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Question about expectation value.

by cragar
Tags: expectation
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cragar
#1
Dec5-12, 06:34 AM
P: 2,465
It seems that the energy expectation value is independent of time.
I did it for an infinite square well. And when you time evolve your wave function
the time evolution cancels when you complex conjugate it and then do the integral.
<E>=<ψ|E|ψ> it seem like this might always independent of time, What do you guys think.
I guess I could try to prove it in general.
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Jazzdude
#2
Dec5-12, 08:04 AM
P: 184
Quote Quote by cragar View Post
It seems that the energy expectation value is independent of time.
That's called energy conservation and should not be so surprising. It's true as long as the hamiltonian is time independent. And it generalized to the expectation value of any operator that commutes with the hamiltonian.
mfb
#3
Dec5-12, 08:05 AM
Mentor
P: 11,602
If you have a time-independent Hamiltonian, energy is always conserved in your system. This is a very fundamental result and it works both in classical and quantum mechanics.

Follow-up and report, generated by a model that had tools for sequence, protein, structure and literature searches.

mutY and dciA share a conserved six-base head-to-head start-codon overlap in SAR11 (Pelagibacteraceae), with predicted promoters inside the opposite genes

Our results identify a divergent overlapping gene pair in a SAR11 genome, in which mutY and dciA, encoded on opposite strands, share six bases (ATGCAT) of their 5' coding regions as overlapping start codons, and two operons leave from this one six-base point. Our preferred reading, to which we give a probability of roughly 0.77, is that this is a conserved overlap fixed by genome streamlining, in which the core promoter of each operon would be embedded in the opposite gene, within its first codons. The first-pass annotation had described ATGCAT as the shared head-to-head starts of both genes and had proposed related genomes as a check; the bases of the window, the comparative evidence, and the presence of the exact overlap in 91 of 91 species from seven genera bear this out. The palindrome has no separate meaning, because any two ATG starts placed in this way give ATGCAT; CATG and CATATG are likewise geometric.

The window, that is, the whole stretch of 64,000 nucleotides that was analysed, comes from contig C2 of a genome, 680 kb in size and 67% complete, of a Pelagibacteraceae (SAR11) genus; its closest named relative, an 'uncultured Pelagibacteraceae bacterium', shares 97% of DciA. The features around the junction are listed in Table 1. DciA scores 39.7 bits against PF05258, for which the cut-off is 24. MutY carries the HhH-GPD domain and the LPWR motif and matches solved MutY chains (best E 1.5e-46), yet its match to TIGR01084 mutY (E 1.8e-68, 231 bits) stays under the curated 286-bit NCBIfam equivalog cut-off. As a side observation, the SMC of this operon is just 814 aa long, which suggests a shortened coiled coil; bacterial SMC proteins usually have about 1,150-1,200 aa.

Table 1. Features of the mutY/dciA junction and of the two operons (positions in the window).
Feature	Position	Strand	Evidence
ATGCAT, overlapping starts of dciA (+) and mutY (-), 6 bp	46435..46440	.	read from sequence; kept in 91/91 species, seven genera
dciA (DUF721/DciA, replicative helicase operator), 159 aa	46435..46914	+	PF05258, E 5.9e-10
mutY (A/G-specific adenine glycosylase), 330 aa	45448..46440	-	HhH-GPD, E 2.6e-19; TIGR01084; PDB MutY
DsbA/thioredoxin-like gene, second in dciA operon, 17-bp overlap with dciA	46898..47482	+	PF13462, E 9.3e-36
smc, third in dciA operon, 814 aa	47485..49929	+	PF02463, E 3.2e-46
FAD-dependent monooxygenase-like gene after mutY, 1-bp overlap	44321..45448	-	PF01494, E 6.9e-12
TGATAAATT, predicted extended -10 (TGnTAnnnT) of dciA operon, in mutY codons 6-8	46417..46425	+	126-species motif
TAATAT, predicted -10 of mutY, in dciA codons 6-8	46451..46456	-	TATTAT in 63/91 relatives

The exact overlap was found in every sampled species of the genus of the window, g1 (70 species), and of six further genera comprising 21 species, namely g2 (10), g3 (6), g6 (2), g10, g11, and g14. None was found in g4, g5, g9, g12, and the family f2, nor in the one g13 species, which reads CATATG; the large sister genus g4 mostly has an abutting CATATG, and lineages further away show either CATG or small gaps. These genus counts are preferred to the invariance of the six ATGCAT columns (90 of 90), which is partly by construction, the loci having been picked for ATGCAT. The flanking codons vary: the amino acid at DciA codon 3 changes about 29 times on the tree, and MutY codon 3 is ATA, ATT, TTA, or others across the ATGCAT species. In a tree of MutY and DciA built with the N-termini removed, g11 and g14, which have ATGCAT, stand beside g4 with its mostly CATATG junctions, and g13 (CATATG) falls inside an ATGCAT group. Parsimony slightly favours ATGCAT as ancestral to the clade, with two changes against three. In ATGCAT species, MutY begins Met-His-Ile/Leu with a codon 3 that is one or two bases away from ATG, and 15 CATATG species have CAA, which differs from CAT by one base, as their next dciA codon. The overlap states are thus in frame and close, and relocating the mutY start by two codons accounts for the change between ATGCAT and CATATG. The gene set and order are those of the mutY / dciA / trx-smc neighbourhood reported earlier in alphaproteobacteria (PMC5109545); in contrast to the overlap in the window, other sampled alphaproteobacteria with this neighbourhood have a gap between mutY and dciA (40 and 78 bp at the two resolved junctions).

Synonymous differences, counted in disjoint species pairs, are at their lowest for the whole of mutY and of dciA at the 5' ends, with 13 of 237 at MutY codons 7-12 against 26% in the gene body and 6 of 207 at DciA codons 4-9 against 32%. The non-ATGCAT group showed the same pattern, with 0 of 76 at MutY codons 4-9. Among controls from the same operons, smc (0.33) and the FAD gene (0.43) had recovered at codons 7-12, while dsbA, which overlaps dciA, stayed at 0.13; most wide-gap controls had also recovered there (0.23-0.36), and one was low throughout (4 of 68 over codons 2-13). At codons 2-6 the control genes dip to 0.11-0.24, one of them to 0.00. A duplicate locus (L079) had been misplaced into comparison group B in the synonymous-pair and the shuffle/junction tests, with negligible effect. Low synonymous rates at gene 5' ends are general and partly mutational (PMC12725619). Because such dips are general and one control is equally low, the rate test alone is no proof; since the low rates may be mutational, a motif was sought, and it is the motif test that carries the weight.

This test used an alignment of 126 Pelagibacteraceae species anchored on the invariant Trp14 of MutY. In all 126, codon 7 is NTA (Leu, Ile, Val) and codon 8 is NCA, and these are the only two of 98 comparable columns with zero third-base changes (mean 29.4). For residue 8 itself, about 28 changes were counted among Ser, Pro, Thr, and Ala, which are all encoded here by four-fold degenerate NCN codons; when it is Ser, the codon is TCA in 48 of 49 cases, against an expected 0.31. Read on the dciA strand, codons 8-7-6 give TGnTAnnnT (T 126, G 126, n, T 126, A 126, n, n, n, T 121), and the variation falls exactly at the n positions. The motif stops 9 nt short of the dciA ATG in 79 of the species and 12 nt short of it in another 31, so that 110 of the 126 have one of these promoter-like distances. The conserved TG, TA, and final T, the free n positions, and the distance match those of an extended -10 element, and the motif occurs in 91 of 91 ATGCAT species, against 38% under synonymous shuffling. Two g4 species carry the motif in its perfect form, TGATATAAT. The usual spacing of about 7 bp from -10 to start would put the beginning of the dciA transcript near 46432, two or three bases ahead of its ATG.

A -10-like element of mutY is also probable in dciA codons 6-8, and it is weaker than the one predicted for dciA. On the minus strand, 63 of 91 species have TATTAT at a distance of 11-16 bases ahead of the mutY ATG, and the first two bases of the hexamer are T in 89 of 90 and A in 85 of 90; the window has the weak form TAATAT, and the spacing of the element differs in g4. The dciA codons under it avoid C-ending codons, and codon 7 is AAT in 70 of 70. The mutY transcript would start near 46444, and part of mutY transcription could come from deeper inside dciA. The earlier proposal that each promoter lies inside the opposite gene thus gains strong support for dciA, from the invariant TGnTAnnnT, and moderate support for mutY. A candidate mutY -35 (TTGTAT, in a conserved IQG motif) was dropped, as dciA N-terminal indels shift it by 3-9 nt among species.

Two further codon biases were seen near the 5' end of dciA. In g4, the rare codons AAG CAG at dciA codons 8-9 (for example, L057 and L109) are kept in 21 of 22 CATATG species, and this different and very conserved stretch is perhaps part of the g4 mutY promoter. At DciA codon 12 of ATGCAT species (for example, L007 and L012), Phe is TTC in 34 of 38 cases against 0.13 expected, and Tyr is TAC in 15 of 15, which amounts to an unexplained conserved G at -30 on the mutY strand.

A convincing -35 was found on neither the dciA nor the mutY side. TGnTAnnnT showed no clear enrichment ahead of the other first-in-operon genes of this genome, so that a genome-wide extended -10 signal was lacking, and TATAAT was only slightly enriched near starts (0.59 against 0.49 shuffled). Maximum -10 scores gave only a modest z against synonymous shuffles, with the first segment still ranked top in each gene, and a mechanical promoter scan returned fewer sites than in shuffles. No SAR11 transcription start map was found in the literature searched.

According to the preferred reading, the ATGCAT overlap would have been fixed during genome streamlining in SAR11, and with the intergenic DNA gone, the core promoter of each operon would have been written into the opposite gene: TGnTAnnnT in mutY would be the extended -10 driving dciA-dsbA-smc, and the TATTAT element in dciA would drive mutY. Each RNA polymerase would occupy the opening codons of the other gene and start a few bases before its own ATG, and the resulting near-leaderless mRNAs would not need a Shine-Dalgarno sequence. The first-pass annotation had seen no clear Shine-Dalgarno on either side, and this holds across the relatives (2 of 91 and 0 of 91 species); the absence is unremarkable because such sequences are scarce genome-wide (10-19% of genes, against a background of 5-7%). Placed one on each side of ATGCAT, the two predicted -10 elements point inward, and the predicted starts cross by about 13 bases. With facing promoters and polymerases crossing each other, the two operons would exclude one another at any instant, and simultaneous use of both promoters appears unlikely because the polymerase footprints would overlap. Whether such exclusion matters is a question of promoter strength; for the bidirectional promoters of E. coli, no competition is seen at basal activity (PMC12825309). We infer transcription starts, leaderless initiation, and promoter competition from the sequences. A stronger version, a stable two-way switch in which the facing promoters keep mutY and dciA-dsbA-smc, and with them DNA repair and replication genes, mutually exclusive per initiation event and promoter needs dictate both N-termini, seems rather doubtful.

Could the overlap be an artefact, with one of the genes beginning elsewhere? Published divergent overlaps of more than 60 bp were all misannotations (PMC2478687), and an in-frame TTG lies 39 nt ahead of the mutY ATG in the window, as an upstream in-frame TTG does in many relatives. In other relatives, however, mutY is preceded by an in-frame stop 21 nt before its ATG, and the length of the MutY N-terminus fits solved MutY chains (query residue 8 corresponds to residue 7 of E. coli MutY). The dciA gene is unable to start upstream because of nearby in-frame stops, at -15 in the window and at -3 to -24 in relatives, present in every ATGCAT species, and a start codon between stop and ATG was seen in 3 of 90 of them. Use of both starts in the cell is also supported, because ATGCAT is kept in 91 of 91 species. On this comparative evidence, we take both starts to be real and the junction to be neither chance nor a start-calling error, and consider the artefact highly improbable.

cattlecattle
#4
Dec5-12, 11:23 AM
P: 32
Question about expectation value.

Quote Quote by cragar View Post
It seems that the energy expectation value is independent of time.
I did it for an infinite square well. And when you time evolve your wave function
the time evolution cancels when you complex conjugate it and then do the integral.
<E>=<ψ|E|ψ> it seem like this might always independent of time, What do you guys think.
I guess I could try to prove it in general.
A more general result is the Ehrenfest theorem: http://en.wikipedia.org/wiki/Ehrenfest_theorem


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